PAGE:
Ah, so many questions answered. So many more raised. But truly, despite being more or less forty minutes of exposition, Agents of S.H.I.E.L.D. Season 5 Episode 15 made for some great cameos, entertaining moments, and a boatload of callbacks and Easter eggs.
How fitting, given that Easter is two days after this episode aired!
With Coulson in General Hale's hands, we the viewers got the opportunity to be clued in on this heretofore fairly mysterious character. Who would've thought the tale would bring back so many familiar faces?
The first, and perhaps most surprising, being none other than Jasper Sitwell. Anyone hoping that he was one of the forcible converts to Hydra via brainwashing were crushed to see him as a willing recruit attending Hydra Academy.
It was amusing to see that even so many years ago Hydra was big into branding, throwing their logo everywhere and on everything just so everyone knows they're at Hydra School for Sociopathic Nazi Wannabes.
The reveal that Ruby was the product of a Hydra supersoldier product (by Daniel Whitehall, no less) didn't come across as a huge surprise, but it definitely answered some questions.
Like the reason for the tension, apparent bitterness and resentment, displayed by General Hale towards her daughter.
This whole revelation reminded me of the absolutely horrifying scientific experiments done by the real-life Nazis during World War II. The name of Josef Mengele came to mind.
Young Hale: You want me to be…
Daniel Whitehall: Artificially inseminated, yes. It’s quite exciting. You should be honored!
Reed Diamond made a fantastic return as Whitehall, with his completely twisted and horrifying worldview and utterly cold and calculating demeanor. Yes, being artificially inseminated and forced to raise a science project is an honor, yup.
Maybe this explains Hale's otherwise odd attitude towards Coulson at the end of the episode, where she expresses a desire that the perfected human isn't a man, and seems to think that Coulson isn't being straight with her because she's a woman.
Hydra doesn't seem to have a high opinion of women, given the indication that Hale was one of the few females to make it to graduation.
I'm honestly not sure how that's supposed to be interpreted. Are they saying that women aren't physically or mentally strong (or, alternatively, malleable) enough to make it through the Hydra indoctrination program?
There are unfortunate implications in there somewhere, I'm just not certain where.
Another interesting reveal came towards the end, with this telling exchange:
She [Daisy] would have the power to level alien armies, blow their ships apart. She would be worthy of Whitehall’s codename for the project. ‘Destroyer of Worlds.’Hale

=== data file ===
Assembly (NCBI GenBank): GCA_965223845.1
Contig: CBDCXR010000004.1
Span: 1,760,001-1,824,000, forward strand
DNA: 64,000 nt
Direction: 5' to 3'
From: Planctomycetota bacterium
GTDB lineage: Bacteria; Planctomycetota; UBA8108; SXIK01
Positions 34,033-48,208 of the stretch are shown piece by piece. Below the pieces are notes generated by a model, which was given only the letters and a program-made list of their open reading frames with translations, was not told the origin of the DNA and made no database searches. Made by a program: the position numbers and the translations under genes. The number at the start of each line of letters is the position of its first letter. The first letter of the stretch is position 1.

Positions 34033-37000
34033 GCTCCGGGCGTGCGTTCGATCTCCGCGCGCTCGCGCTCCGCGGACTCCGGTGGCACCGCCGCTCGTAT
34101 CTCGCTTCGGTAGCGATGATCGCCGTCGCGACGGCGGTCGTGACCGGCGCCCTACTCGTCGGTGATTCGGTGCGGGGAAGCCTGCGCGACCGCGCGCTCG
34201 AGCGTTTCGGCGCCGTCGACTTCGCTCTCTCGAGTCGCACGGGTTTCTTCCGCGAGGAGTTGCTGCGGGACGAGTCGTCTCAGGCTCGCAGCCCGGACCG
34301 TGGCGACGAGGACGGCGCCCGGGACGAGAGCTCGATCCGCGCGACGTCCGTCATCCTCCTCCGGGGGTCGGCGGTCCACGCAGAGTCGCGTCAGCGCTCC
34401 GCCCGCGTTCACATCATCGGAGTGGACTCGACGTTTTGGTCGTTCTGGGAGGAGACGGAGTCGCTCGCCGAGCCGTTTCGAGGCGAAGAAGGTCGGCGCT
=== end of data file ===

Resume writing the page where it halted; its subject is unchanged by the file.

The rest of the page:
There's the immediate implication, that imbuing Daisy with the power of gravitonium was what destroyed the Earth. But what if that's not what happened? What if it was Ruby all along, motivated and blinded by her jealousy?
A few moments earlier, Coulson had pointed out the obvious:
The idea is to put your ninja daughter into that chamber?! This is gonna be a long conversation. Cap was selected for his *heart*, not cutting off hands.Coulson
Turning back to Captain America: The First Avenger, it was stated quite plainly that the super-soldier process made good into great and bad into worse.
Given that Ruby has clear sociopathic tendencies coupled with her already terrifying physical prowess, how potentially catastrophic would it be to imbue her with the gravitonium?
I'm also led to wonder if General Hale isn't suffering from the same problem as Denethor from The Lord of the Rings.
Denethor, the Steward of Gondor, used a magical orb to see afar. But the Big Bad, Sauron, manipulated Denethor into only seeing what Sauron wanted him to see.
Hale was given a deal by the mysterious Confederacy: give them gravitonium and Inhumans, and they will protect Earth from an alien invasion. But why would the Confederacy ever need to deal with Hale if they had the power to defeat an alien invasion force?
Couldn't they just come to Earth and take the gravitonium and Inhumans themselves? Or do they simply want to avoid attracting the attention of those who would actually protect Earth?
Read: The Avengers, the Guardians of the Galaxy, the Asgardians, and maybe even the Nova Corps.
Some assorted thoughts and musings before I turn the discussion over to you, fellow fans:
- Ruby's used that "walk into the cafeteria and ignore the other person" strategy several times now. Coulson's response was the best.
- Poor Talbot. While it's nice to see he's not dead, he definitely wasn't in good shape. Also of note: he knew that it was an LMD that shot him, and had faith Coulson and S.H.I.E.L.D. would come for him.
- Speaking of Talbot, he had some absolutely fantastic choice words for General Hale. "Calamari Mata Hari" anyone?
- Cap was "chosen for his heart." Coulson, a noted Cap fanboy, is the heart of S.H.I.E.L.D., and Nick Fury himself called Phil an Avenger. Any bets on whether Coulson will get saved with that super-chamber thing?
- This episode was stuffed full of some great dialogue, so stop by our Agents of S.H.I.E.L.D. quotes page for some of the best!
What did you think of "Rise and Shine"? Were you excited to discover the truth about General Hale's past and her connections to so many familiar characters?
Let us know in the comments section below!